Under the clever name of Oklahoma CHAT (Choosing Healthplans All Together), Insurance Commissioner Kim Holland plans to collect information from 31 communities across the state using the CHAT computer simulation.
“The CHAT program will assess how people prioritize what health benefits are important to them when the resources are insufficient to purchase every type of coverage,” according to a news release.
I imagine the research has already been done to some extent, but the way this appears to be designed looks genuine to me.
Now, maybe I’m uncritically giving up my skepticism. After all, solving the problem of the social and economic toll of the state’s 600,000 uninsured won’t happen over night. But, I figure, from where else than a state with a glaring, vexing problem will an innovative solution arise?
OK, Massachusetts notwithstanding.
They have beaten us to common-sense health insurance reform, but I consider the South more of a peer group.
I guess I’ve concluded that philosophical differences should not keep us from doing something; that what we do doesn’t have to break the bank and may even save money, again, philosophical differences aside; and that some sort of mandatory enrollment in some sort of plan, while it goes against my libertarian sympathies, will be needed.
Just like with 401K plans, people, even those of adequate means, won’t choose to participate in sufficient numbers for society at large to gain unless at least nudged that way, if not pushed.
At this point, I know the reform movement is more of a Doolittle Raid than an Iwo Jima, but acknowledging something must be done, even if we can’t agree on what, is a step in the right direction. And the sponsors of Holland’s project are an impressive bunch that includes Integris Health, the OU College of Public Health, the Oklahoma Hospital Association, the Oklahoma State Department of Health and The State Chamber of Oklahoma.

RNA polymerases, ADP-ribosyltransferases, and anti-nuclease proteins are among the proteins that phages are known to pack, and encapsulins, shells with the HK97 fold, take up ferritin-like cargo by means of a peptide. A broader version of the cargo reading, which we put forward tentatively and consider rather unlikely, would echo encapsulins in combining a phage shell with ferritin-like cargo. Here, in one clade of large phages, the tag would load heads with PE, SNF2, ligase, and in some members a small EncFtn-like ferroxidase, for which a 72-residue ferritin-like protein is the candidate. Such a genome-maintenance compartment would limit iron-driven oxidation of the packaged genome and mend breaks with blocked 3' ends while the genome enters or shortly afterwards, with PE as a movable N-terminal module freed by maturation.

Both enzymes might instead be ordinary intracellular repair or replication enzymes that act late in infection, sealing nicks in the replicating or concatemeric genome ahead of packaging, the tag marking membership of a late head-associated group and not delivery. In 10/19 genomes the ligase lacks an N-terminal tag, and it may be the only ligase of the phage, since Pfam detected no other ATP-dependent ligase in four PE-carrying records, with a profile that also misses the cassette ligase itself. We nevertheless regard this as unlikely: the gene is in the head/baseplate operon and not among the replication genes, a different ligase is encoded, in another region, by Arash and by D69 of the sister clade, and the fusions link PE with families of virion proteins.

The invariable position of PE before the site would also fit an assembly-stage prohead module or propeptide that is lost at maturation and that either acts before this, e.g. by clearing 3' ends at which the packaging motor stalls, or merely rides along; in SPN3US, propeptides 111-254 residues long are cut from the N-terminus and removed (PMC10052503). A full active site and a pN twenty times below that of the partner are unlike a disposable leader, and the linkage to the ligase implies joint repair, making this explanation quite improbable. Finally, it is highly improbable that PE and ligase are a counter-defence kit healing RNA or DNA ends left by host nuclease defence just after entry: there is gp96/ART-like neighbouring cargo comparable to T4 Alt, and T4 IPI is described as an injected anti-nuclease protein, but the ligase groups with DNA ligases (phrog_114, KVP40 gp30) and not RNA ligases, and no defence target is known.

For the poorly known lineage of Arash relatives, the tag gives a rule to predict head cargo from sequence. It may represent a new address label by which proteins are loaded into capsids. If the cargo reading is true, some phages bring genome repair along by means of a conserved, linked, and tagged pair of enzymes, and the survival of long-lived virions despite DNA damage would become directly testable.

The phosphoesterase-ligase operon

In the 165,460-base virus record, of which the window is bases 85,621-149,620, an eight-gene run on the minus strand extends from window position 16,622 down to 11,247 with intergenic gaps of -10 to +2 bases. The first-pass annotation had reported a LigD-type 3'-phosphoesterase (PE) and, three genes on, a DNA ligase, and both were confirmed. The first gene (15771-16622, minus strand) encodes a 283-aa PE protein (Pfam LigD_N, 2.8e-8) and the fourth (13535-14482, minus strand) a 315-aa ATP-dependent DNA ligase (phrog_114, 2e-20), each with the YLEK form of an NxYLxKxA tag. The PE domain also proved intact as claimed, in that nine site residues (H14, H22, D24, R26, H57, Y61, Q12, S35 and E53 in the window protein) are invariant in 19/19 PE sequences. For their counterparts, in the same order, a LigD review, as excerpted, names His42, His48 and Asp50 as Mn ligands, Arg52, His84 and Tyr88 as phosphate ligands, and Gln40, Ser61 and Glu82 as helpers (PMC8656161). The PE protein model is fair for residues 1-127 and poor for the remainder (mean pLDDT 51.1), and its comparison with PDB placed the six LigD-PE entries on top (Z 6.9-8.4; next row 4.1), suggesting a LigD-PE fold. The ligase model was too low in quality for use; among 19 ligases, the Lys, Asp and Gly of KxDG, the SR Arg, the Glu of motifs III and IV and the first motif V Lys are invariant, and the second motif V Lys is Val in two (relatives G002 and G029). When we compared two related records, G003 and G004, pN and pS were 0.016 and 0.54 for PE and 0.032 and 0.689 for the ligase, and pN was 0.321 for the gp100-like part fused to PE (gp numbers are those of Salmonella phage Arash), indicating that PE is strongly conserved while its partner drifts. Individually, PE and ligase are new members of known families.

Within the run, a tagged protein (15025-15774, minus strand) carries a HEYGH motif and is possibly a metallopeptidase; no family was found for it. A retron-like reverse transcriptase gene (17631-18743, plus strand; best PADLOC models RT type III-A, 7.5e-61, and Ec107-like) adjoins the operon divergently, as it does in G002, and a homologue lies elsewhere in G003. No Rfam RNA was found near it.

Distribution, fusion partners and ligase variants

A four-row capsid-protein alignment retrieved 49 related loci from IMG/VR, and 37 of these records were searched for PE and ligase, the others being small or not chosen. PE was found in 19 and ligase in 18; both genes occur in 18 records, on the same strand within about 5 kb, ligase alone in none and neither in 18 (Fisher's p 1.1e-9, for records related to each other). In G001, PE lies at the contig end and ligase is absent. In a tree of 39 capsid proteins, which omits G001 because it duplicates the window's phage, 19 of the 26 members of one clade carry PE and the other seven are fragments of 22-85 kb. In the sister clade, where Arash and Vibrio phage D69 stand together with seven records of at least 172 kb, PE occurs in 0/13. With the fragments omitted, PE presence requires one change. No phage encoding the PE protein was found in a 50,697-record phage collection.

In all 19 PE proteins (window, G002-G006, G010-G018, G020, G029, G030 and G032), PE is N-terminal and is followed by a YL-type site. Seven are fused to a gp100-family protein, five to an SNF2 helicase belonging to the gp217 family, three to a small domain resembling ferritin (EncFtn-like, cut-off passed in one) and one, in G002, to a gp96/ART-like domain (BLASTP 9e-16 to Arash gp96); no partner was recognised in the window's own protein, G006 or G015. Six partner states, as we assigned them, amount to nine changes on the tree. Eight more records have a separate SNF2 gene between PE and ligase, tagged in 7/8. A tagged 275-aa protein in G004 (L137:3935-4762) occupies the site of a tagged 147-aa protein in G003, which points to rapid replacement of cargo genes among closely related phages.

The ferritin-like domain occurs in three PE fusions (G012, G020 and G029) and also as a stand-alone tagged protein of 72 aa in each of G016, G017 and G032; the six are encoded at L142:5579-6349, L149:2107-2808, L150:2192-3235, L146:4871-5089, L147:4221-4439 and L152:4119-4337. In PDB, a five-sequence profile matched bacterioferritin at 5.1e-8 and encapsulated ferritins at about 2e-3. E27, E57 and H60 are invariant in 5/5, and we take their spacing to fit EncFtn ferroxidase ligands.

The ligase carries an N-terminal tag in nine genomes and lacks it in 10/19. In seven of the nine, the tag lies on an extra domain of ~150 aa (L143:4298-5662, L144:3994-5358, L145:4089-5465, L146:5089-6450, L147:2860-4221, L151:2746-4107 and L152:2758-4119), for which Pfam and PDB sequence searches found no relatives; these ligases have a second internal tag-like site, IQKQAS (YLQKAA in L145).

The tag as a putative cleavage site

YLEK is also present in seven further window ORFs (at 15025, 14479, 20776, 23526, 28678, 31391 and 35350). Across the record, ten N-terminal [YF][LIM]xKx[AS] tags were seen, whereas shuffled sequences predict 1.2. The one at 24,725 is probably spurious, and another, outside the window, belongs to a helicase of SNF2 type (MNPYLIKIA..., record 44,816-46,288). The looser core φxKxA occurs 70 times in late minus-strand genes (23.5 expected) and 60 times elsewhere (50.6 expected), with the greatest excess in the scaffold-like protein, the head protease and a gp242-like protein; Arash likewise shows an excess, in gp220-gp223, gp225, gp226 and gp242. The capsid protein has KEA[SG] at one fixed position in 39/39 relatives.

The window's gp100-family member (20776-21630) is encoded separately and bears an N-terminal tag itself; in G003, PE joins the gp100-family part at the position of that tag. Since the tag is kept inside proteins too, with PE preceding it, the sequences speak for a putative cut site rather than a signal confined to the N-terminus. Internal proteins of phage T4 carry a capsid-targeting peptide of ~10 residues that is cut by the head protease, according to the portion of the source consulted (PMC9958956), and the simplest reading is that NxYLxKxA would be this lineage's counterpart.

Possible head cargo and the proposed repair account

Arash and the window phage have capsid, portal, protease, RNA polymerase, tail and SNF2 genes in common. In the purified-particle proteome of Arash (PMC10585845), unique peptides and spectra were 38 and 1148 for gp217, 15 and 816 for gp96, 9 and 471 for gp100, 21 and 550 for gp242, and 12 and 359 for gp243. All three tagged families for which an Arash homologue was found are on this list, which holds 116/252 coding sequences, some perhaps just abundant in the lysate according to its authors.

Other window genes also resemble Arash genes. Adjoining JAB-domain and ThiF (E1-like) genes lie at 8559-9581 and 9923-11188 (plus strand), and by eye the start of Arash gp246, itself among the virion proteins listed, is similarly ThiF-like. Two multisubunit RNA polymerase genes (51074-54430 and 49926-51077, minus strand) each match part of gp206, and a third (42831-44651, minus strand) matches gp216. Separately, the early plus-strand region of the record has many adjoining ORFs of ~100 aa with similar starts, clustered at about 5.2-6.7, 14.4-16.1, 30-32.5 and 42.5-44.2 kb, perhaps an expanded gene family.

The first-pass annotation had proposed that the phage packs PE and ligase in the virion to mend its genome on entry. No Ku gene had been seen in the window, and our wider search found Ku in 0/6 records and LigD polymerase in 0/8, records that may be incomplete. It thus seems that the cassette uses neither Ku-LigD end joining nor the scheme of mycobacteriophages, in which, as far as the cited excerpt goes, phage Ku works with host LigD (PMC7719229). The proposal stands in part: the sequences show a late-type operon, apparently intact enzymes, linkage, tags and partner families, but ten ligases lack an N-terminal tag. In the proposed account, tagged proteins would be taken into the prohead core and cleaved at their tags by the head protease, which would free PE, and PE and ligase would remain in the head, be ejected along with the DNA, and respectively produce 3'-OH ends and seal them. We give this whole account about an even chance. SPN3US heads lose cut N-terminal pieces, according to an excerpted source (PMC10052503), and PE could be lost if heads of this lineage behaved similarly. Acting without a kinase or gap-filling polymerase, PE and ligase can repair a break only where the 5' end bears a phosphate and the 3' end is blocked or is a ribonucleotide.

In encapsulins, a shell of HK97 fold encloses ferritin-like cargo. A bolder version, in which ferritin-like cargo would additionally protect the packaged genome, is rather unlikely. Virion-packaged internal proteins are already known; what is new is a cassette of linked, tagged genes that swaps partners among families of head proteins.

Strange bedfellows? Maybe. Or maybe not. It depends how you look it at.
The press conference is Tuesday at 10:30 a.m. in the Governor’s Blue Room at the Capitol.
In March, a group called Health Alliance for the Uninsured bemoaned the number of uninsured who turn to emergency rooms because free clinics were full. Or just turned to emergency rooms for basic care, which is costly in time and money and is hugely wasteful in terms of hospital utilization.
“Our 16 free clinics are overwhelmed and do not have the resources they need,” Dr. Murali Krishna, chairman of the alliance and president of Integris Mental Health, said at the time. “That leaves the uninsured with no choice but to go to the emergency room for routine medical care.”
A study presented then showed 53 percent of emergency room visits in Oklahoma County were for nonemergency symptoms.
Among clinics’ problems are getting specialists to volunteer, finding free- or low-cost drugs and locating radiology services.
Because of its location, St. Anthony Hospital deals with a number of poor, transient patients. As such, it has received assistance to put together a system to find these people a “medical home” so that they visit a general practitioner for routine care rather than the emergency room. For a patient with an HMO policy, this is a given. For the uninsured, it’s innovative, at least for Oklahoma.
I haven’t followed up on the project for some time, but it has intrigued me from the start. Will it work? I aim to find out.
As always, please e-mail me or comment on this blog. If you agree, disagree or think I’ve gone off the deep end, let me know one way or the other.